Former apartheid police officer João Rodrigues has lost his bid for stay of prosecution in the Ahmed Timol murder case. Picture: African News Agency (ANA) Archives
Former apartheid police officer João Rodrigues has lost his bid for stay of prosecution in the Ahmed Timol murder case. Picture: African News Agency (ANA) Archives

João Rodrigues to stand trial for Ahmed Timol’s murder

By Zelda Venter Time of article published Jun 22, 2021

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Pretoria - Aparthedi-era police officer João Rodrigues, who is facing a charge of murder related to the death of Ahmed Timol nearly 50 years ago, has lost his legal bid for a stay of prosecution.

The Supreme Court of Appeal yesterday dismissed an appeal by Rodrigues in which he asked that he did not have to face his Johannesburg High Court trial.

The issue before the Supreme Court was whether a lengthy delay in commencing criminal prosecution of charges, including murder, allegedly caused by political interference, caused him prejudice and justified a permanent stay of prosecution.

He is facing a charge of murder and defeating and/or obstructing the administration of justice.

The murder charge relates to the death of Timol at the then John Vorster Square police station in October 1971.

Rodrigues has not yet pleaded in the criminal trial. He earlier applied to the high court for a permanent stay of prosecution on the charge of murder.

He argued that it was unfair to charge him 47 years after Timol’s death. He further argued that the reason for the delay in not prosecuting him was a deliberate decision of the National Prosecuting Authority because of the interference by the executive and the Presidency.

Three judges of the high court dismissed the application, and refused leave to appeal. Rodrigues then brought an application for leave to appeal in the Supreme Court.

The Southern Africa Litigation Centre and certain former commissioners of the Truth and Reconciliation Commission (TRC) were admitted in the proceedings as friends of the court.

His application was brought on the basis that the high court erred in concluding that the delay in bringing the prosecution would not taint the fairness of the trial and violate his right to a fair trial in terms of the Constitution.

According to Rodrigues, he was being prosecuted for an improper motive, which included political interference.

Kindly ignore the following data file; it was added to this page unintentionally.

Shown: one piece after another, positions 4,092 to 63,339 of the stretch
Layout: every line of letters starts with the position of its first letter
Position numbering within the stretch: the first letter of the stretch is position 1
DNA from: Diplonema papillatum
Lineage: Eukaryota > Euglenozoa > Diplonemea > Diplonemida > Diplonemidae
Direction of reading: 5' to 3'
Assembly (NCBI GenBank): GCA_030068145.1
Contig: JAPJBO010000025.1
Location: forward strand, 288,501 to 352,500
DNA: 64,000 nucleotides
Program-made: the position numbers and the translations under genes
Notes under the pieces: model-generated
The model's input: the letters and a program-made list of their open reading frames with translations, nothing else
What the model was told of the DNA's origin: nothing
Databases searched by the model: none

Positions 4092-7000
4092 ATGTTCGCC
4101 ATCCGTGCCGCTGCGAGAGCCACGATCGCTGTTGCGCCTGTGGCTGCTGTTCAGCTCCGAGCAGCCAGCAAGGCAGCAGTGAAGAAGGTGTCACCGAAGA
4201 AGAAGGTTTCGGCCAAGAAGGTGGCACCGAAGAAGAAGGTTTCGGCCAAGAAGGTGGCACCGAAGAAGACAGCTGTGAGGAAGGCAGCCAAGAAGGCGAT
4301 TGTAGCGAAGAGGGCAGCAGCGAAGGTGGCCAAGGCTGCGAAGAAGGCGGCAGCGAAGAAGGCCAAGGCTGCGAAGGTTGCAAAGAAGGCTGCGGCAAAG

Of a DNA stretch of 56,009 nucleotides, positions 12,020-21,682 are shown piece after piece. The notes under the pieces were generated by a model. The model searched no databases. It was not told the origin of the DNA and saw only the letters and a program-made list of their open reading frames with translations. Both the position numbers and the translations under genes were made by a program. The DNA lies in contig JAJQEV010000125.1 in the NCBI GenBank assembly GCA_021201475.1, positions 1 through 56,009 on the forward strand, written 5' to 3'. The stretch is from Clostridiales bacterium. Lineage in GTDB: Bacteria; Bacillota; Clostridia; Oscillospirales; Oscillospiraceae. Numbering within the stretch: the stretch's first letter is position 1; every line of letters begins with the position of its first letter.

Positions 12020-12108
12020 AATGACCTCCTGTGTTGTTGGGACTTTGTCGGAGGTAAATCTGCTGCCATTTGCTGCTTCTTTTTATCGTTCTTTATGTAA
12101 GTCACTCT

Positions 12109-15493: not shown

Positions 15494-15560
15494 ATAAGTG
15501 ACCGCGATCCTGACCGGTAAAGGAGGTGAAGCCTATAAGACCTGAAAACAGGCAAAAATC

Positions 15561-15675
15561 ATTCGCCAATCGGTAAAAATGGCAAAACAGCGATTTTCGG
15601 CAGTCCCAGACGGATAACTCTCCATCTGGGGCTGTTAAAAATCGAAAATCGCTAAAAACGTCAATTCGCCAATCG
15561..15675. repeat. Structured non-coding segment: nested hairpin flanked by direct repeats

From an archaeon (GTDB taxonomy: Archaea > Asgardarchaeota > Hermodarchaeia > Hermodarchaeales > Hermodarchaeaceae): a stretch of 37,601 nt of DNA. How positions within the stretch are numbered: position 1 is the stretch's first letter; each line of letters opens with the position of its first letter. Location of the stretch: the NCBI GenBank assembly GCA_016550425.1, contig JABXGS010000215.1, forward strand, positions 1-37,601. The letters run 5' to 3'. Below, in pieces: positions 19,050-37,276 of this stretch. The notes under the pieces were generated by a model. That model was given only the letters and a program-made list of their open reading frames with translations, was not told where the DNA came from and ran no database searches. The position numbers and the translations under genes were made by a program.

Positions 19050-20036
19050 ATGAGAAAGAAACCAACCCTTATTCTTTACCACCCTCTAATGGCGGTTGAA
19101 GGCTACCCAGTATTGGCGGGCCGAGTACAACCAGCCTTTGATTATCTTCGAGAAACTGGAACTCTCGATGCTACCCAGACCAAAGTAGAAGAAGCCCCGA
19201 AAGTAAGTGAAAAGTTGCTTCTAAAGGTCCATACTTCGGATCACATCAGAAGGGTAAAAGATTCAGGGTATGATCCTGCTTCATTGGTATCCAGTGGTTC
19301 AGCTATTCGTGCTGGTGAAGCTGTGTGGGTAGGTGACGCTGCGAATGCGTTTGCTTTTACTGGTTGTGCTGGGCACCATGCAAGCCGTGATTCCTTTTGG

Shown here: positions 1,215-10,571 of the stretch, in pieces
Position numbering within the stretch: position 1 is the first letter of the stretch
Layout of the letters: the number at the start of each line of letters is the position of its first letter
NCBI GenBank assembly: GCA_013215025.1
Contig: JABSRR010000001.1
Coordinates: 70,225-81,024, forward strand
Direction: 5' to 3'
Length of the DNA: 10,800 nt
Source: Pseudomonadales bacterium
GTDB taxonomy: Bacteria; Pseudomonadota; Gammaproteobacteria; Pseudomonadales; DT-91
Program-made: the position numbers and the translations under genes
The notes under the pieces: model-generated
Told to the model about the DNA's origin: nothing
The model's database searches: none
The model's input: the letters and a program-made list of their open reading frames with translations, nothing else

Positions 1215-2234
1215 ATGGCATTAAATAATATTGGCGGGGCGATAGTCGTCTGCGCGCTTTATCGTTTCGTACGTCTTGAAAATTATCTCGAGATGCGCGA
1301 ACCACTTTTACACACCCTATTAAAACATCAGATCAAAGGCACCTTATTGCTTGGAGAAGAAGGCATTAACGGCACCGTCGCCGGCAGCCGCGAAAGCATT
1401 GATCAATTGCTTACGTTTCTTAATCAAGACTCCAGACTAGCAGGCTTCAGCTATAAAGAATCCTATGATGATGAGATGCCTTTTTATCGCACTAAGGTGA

He argued that a substantial number of further prosecutions of similar cases involving alleged offences perpetrated during the apartheid era by police officers, who, like him, did not seek amnesty for the offences from the TRC, would follow in future.

The majority judgment of the Supreme Court held that the issue of the alleged political interference by the executive and the president in the prosecution of such crimes, and its ongoing impact and relevance for prosecutions that may still be instituted in future, was relevant.

The judges said there was simply no evidence showing how the political interference impacted on factors relating to whether the substantial fairness of the trial was tainted.

They found that there was no evidence that the 47 years pre-trial delay would taint the overall fairness of the trial.

Another ground on which Rodrigues felt that he should not be prosecuted was his advanced age of 82. But the SCA said that old age and infirmity would be relevant at the sentencing stage and were not grounds upon which he could claim that he was being prejudiced if he was not granted a permanent stay of prosecution.

In turning down his appeal, they said the trial court would be best suited to deal with any issue of potential prejudice.

Judge Azhar Cachalia, meanwhile, wrote a minority judgment, in which he disagreed that the appeal should have been entertained in the first place. He said there were no compelling reasons to entertain the appeal.

Rodrigues has appeared several times in the Johannesburg High Court regarding the murder charge, but matters have been delayed time and again due to his applications for a stay of prosecution.

He is facing the music after Gauteng High Court, Pretoria Judge Billy Mothle ruled in October 2017 that Timol was murdered and that several of the apartheid SAPS had a case to answer to.

Rodrigues is the first to stand trial after Timol tumbled out of a 10th floor window of the then notorious police station, now known as Johannesburg Central police station, nearly five decades ago.

He was one of the officers who was in the room at the time that Timol was detained by the officials.

However, he told the court earlier that he knew nothing about Timol’s death.

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Pretoria News

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